Senator Bernie Sanders (I-VT), Ranking Member of the Senate Budget Committee, is pleased to have authored the report’s preface this year. “The affordable housing crisis demands that we think big and act boldly,” said Senator Sanders. “We must make a historic and sustained commitment to ensure that every family has an affordable place to live and thrive. This starts with significantly expanding federal investments in affordable housing through programs like the National Housing Trust Fund, the HOME program and other critically important resources. In the richest country in history, no family should have to make the awful choice between putting food on the table and keeping a roof over their heads. We have the resources to solve the affordable housing crisis. We have the solutions that work. What we need is the will to do what is right.”
“This report vividly documents just how far we have to go in this country before quality and affordable housing is available for all of Americans,” said Congressman Peter Welch (D-VT). “At a time when President Trump is trying to gut federal housing programs, these statistics make it crystal clear that we must invest more, not less, in expanding safe and affordable housing in Vermont and across the country.”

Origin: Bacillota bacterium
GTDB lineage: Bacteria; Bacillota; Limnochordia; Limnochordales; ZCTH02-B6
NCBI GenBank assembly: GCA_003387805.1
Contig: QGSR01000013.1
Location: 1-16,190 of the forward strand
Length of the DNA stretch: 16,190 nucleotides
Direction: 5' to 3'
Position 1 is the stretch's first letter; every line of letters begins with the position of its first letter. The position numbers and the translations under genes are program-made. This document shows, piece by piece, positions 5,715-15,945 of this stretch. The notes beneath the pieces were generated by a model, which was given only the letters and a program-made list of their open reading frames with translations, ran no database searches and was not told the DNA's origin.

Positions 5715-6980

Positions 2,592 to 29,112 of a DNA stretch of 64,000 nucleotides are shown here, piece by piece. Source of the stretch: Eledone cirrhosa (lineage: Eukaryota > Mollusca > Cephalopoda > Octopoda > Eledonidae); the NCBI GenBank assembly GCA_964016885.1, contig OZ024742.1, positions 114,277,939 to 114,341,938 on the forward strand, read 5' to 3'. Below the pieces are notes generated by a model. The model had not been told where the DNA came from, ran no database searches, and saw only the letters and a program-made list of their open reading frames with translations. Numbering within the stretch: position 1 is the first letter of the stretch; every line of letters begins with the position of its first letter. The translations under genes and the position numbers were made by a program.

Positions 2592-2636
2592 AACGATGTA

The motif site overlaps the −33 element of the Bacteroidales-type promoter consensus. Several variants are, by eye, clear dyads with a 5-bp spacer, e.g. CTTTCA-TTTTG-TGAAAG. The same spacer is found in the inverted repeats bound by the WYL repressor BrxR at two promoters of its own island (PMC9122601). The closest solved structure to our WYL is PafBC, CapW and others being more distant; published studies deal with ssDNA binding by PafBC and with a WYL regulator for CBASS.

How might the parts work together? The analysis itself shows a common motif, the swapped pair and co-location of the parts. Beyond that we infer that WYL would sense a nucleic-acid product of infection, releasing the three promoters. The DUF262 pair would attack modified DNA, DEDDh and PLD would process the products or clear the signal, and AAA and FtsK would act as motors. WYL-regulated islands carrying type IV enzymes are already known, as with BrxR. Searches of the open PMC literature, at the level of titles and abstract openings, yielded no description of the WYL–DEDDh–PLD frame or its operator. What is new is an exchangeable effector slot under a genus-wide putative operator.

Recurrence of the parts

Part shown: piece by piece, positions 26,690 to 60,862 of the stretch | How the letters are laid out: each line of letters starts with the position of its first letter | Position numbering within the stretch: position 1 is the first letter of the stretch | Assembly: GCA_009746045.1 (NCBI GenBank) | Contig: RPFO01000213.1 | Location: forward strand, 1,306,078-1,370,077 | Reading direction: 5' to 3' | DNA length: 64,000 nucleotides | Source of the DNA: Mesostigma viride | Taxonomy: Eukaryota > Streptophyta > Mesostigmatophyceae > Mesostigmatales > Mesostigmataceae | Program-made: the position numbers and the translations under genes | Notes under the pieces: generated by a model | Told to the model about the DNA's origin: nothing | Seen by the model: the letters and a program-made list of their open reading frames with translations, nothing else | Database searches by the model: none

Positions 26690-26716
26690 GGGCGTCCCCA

When low-wage workers and people living on fixed incomes pay too much for their housing, they have too little left over to cover other basic needs and are one paycheck or one major car repair away from eviction and the downward spiral of homelessness. In addition to the federal government, we must look to the State of Vermont to increase its investments in affordable housing. Last year’s $37 million housing bond has been a great step forward, but in order to stem the rising tide of homelessness, we also need increased rental assistance as well as supportive services for those with the greatest challenges to maintaining their housing.
Additional findings from Out of Reach:
The national Housing Wage is $22.10 in 2018.
Vermont is the 6th most expensive state for rural (non-metro) areas.
Vermont is the 13th most expensive state in the nation for renters.
The Housing Wage in the greater metropolitan area of Burlington is $27.73, fully $5.63 an hour higher than the state average.
Vermont’s one-bedroom Housing Wage is $17.84 an hour.
Someone with a disability living on Supplemental Security Income (SSI) can only afford $241 a month, leaving them $924 short for a two-bedroom, and $687 short for a one-bedroom rental.
Senator Sanders also released a short video on the report: https://bit.ly/2Moi8RM For additional Vermont information, visit: https://bit.ly/2sSlqVg To view the full Out of Reach report, visit: http://www.nlihc.org/oor/
The Vermont Affordable Housing Coalition is a statewide membership organization dedicated to ensuring that all Vermonters have decent, safe and affordable housing, particularly the state’s low and moderate-income residents, elders, people living with homelessness, and people with disabilities. For more information, visit www.vtaffordablehousing.org.
The National Low Income Housing Coalition is dedicated solely to achieving socially just public policy that assures people with the lowest incomes in the United States have affordable and decent homes. For more information, visit www.nlihc.org.